nep-ppm New Economics Papers
on Project, Program and Portfolio Management
Issue of 2010‒03‒28
nine papers chosen by
Arvi Kuura
Parnu College - Tartu University

  1. Hybrid Car Creates Hybrid Organization: Development of Toyota's First Prius Model and Limits that Traditional Development Organization at Toyota confronted By Niihara, Hiroaki
  2. From Iconic Design to Lost Luggage: Innovation at Heathrow Terminal 5 By Andrew Davies
  3. Starting an R&D project under uncertainty By Dobbelaere, Sabien; Luttens, Roland Iwan; Peters, Bettina
  4. The Two Faces of Collaboration: Impacts of University-Industry Relations on Public Research By Markus Perkmann; Kathryn Walsh
  5. R&D Productivity and the Organization of Cluster Policy: An Empirical Evaluation of the Industrial Cluster Project in Japan By Junichi Nishimura; Hiroyuki Okamuro
  6. Labour as a utility measure in contingent valuation studies: how good is it really? By Ahlheim, Michael; Frör, Oliver; Heinke, Antonia; Duc, Nguyen Minh; Dinh, Pham Van
  7. A Survey of Impact Evaluations of Infrastructure Projects, Programs and Policies By Antonio Estache
  8. The costs of favoritism: Is politically-driven aid less effective? By Axel Dreher; Stephan Klasen; James Raymond Vreeland; Eric Werker
  9. Will the clean development mechanism mobilize anticipated levels of mitigation ? By Rahman, Shaikh M.; Dinar, Ariel; Larson, Donald F.

  1. By: Niihara, Hiroaki
    Abstract: The manager of each function-based department holds private information about his or her respective department's fields of expertise and technological advances. Given this understanding, it may be advisable for the company's headquarters to delegate decision-making authority to the managers of these individual departments. However, if decision-making authority is delegated to individual departments or to the managers representing the interests of each of those departments, those departments may pursue their own interests even at the expense of the company's interests as a whole. By contract, the product manager does not have private information but is thinking about the new product under development as a whole and thus does not have a biased preference. The question then, is, what kind of governance structure will serve as the optimal solution? When each manager possesses a biased preference for his or her own department, it is important to consider the impact that the allocation of formal authority and the information flow within the organizational hierarchy has on the organizational capacity for innovation. This theme is developed and illustrated, using the case of development of Toyota's "Prius". In the case of Toyota Motor, too, this point has been an important issue for a long time when planning its development organization structure. The development of the world's first mass-produced hybrid vehicle, the Prius by Toyota is one of the most successful examples of innovative product development in recent years. However, it has been hardly studied as to how such architectural innovation was possible within the largest organization in Japan. This paper argues at length the development process of the Prius and transfiguration of Toyota's development organization structure from the viewpoint of organizational economics framework. Development of the first Prius model by Toyota set the stage for adoption of a new development organization structure : the term-limited implementation of the new "Big Room" approach, which did bring about lasting changes to Toyota's organizational framework for vehicle development. It will be noted that concept design, or in other words interdepartmental coordination, was more important in the initial phase of development (the first six months), and thus, the "Big Room" structure was the development organization structure of choice for implementation. By contrast, after the initial six months, work on the concept design of the product development had been almost completed and interdepartmental coordination had become less important to the company compared with advances in the technologies for the engine and other component systems. For that reason, the development organization was transitioned to a more decentralized structure of governance, the conventional “chief engineer” structure. The new development organization is a kind of hybrid organization, which lies between "centralization" and "decentralization". Furthermore, we touched upon the point that delay is costly in decision problems because it increases the lag upon which decisions are based, and evaluated the new development organization structure from that viewpoint, too. The arguments made in this paper will presumably be of value as generalized recommendations for the shape of the development organization within large established corporations.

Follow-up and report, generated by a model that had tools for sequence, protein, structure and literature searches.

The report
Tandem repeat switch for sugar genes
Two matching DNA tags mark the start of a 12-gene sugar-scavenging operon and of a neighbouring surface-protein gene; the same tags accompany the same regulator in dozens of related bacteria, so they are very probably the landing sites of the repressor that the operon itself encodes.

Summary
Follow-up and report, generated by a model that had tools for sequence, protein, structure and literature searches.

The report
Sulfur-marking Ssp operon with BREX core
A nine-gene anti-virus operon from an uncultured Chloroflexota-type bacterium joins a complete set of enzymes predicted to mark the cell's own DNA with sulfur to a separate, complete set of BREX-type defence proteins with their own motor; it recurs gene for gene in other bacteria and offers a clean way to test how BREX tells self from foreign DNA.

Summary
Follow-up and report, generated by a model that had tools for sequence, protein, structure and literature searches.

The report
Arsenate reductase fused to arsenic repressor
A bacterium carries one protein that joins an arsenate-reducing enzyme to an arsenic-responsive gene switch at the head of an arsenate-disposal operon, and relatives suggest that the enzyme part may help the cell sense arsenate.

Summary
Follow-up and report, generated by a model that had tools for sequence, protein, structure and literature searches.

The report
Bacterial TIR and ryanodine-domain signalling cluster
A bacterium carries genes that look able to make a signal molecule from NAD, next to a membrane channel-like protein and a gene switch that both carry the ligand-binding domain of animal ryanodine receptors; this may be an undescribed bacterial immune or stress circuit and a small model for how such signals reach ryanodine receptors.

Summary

Date: 2010–02
  2. By: Andrew Davies